SOMEONE in Molly McGlynn’s film Mary Goes Round compares addiction to being on a ‘fucked-up merry-go-round that you can’t get off.’ A clever – and sticking – analogy for the circular nature of addiction that McGlynn draws upon until the final frame of her film.
Mary, played by an outstanding Aya Cash, is a 29-year-old living in Toronto who is stuck in a viscous cycle of alcoholism. We are introduced to her as she moves from one low point to another – embarrassing herself at a baby shower and waking up with random bruises or next to guys she hardly knows.
Alcohol is causing her life to spiral out of control. Yet the cruel irony of Mary’s situation is that she works as an addiction counsellor. Mary wants to help others – and she has tools to do so – but she is in desperate need of help herself.
It is only when Mary hits rock bottom – a drink-driving incident – that her path changes, bringing her to Niagara Falls to visit estranged father Walt (John Ralston) and 16-year-old half-sister Robyn (star-in-the-making Sara Waisglass).
It is here Mary must confront issues of shame, family trauma and forgiveness as she looks to repair her life. As she puts it: ‘Good people do shitty things and then they fix it.’
A lot of McGlynn’s film is spent in drab settings such as AA meetings and hospital rooms. But these locations make the beauty of McGlynn’s tenderly written characters stand out just like the majesty of The Falls. In the final seconds of the film McGlynn uses a similar contrast between muted settings and bright lights for one of the finest small-scale endings you will witness. A hair-raising and well-earned finale.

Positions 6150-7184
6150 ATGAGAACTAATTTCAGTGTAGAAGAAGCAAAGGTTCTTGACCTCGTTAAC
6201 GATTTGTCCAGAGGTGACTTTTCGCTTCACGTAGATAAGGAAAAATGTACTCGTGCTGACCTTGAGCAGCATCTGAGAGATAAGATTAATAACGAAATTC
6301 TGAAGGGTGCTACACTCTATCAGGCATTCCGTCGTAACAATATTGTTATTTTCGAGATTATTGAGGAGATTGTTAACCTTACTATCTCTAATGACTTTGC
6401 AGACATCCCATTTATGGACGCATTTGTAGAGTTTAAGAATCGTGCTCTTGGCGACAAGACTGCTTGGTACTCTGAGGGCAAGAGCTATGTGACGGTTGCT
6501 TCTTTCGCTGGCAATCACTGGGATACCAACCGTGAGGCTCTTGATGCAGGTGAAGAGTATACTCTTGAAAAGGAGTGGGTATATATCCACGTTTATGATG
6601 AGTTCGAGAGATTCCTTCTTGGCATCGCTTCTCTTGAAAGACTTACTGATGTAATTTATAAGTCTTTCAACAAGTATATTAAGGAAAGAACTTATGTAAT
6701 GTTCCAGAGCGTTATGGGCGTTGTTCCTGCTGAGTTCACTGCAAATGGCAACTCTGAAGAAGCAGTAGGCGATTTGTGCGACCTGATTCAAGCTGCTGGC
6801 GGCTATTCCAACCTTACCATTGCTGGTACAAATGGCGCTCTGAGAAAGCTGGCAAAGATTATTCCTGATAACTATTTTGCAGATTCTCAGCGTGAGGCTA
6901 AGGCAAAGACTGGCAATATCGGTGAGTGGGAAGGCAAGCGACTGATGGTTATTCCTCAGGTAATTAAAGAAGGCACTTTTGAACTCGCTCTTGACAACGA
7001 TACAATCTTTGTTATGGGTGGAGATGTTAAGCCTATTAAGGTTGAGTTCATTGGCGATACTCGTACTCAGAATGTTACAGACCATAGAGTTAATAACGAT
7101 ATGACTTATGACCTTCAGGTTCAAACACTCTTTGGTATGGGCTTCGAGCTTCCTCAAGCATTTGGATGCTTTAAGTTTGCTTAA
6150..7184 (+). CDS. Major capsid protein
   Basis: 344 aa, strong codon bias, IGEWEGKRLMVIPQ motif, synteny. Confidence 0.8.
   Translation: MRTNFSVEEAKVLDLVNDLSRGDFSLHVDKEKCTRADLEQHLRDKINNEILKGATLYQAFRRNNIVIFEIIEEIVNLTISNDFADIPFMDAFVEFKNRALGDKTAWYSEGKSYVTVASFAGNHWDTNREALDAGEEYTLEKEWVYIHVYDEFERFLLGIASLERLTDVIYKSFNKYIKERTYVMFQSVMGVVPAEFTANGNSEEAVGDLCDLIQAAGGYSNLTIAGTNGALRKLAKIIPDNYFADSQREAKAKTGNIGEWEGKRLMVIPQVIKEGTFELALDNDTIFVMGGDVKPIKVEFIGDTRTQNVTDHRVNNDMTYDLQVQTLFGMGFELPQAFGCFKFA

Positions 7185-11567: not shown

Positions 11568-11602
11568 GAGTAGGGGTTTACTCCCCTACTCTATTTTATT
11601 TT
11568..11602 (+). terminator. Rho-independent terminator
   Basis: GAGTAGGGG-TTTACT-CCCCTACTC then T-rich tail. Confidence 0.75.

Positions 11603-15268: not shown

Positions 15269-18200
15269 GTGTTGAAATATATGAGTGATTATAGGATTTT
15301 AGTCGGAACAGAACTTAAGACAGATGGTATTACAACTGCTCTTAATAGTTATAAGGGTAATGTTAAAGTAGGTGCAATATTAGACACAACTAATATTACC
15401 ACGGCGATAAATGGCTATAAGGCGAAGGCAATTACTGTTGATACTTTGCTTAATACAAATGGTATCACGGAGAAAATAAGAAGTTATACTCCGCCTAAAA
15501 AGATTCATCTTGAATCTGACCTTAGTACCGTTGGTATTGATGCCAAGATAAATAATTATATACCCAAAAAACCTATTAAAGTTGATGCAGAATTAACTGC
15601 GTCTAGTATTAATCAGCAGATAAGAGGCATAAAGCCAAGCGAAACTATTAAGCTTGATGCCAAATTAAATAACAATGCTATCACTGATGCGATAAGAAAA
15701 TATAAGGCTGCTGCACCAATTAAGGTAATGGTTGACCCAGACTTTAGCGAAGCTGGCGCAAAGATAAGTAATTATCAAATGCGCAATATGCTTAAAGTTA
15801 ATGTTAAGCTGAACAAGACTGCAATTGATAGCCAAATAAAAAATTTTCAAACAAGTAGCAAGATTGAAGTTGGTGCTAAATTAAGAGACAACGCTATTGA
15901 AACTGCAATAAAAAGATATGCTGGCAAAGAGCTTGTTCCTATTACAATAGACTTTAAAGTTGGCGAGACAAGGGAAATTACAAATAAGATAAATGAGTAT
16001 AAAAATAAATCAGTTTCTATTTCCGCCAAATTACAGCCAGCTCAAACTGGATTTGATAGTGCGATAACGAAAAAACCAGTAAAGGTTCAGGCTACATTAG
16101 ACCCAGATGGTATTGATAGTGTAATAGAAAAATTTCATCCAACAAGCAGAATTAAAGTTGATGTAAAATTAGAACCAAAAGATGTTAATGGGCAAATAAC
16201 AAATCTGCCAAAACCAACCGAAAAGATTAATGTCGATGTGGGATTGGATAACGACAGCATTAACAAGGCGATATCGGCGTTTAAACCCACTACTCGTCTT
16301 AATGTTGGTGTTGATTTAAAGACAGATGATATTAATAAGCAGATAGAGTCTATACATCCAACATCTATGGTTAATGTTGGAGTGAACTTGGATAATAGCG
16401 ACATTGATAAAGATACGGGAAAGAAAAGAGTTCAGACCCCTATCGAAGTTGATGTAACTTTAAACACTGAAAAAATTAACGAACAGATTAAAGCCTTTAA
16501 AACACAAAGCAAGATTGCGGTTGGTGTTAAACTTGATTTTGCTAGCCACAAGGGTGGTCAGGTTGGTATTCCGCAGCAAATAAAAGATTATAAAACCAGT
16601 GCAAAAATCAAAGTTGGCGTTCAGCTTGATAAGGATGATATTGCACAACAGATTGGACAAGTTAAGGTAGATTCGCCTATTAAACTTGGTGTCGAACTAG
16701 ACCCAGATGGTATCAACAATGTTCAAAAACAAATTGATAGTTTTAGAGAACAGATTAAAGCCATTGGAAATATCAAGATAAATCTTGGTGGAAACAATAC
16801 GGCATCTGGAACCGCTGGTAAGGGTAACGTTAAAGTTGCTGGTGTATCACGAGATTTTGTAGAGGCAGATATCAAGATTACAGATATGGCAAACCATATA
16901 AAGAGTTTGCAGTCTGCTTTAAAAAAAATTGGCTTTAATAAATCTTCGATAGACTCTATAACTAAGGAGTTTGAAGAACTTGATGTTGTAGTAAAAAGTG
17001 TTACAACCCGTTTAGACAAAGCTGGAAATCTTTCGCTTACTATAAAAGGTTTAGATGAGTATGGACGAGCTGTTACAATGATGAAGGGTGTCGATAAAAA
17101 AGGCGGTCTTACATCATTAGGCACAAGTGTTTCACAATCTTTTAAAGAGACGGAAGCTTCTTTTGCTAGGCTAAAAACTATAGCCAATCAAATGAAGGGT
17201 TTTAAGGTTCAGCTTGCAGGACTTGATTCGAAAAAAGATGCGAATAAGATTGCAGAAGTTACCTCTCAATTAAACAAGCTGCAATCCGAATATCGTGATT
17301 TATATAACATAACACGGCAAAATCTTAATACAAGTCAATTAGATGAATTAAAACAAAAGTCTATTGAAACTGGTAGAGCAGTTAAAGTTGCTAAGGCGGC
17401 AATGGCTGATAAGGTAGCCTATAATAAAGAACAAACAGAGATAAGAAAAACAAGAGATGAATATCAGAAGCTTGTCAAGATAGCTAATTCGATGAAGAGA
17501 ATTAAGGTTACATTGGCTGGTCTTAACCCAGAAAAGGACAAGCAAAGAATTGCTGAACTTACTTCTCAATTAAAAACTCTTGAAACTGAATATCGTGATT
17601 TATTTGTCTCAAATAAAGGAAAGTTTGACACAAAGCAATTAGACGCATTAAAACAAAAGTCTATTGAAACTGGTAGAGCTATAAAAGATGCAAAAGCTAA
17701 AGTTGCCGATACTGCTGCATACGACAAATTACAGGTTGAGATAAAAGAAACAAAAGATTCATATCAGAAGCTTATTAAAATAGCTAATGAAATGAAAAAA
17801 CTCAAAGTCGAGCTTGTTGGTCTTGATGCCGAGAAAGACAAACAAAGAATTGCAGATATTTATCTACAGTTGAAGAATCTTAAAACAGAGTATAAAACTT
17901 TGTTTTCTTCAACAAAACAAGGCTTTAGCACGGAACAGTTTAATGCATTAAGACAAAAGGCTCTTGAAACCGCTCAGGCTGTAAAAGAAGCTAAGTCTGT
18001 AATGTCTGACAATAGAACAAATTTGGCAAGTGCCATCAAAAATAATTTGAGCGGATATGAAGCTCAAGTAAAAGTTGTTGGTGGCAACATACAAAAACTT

Mary Goes Round is the work of a detailed and thoughtful filmmaker who fosters a genuineness that permeates through all of her characters and every scene. Cash is the on-screen heartbeat of this as she gives Mary vulnerability while retaining a spirit and charm that leaves you willing her to pull through.
The scenes between Mary and Robyn are also a highlight. As Walt points out, Robyn is the only member of the family still on the straight and narrow – with a scholarship to NYU on the horizon. Mary recognises that Robyn represents an opportunity to break the cycle of family disappointments and the two start to build a heartening relationship. But not before Robyn has thrown a few amusing jabs – asking Mary whether she is going through her ‘Britney 2007 moment’.
Mary Goes Round is a sincere and touching ride well worth taking. One of Close-up Culture’s favourite films of the year so far. We strongly suggest you give it a try.
This was review 15/30 in the April’s Close-up Culture Monthly Film Challenge – Female Filmmakers.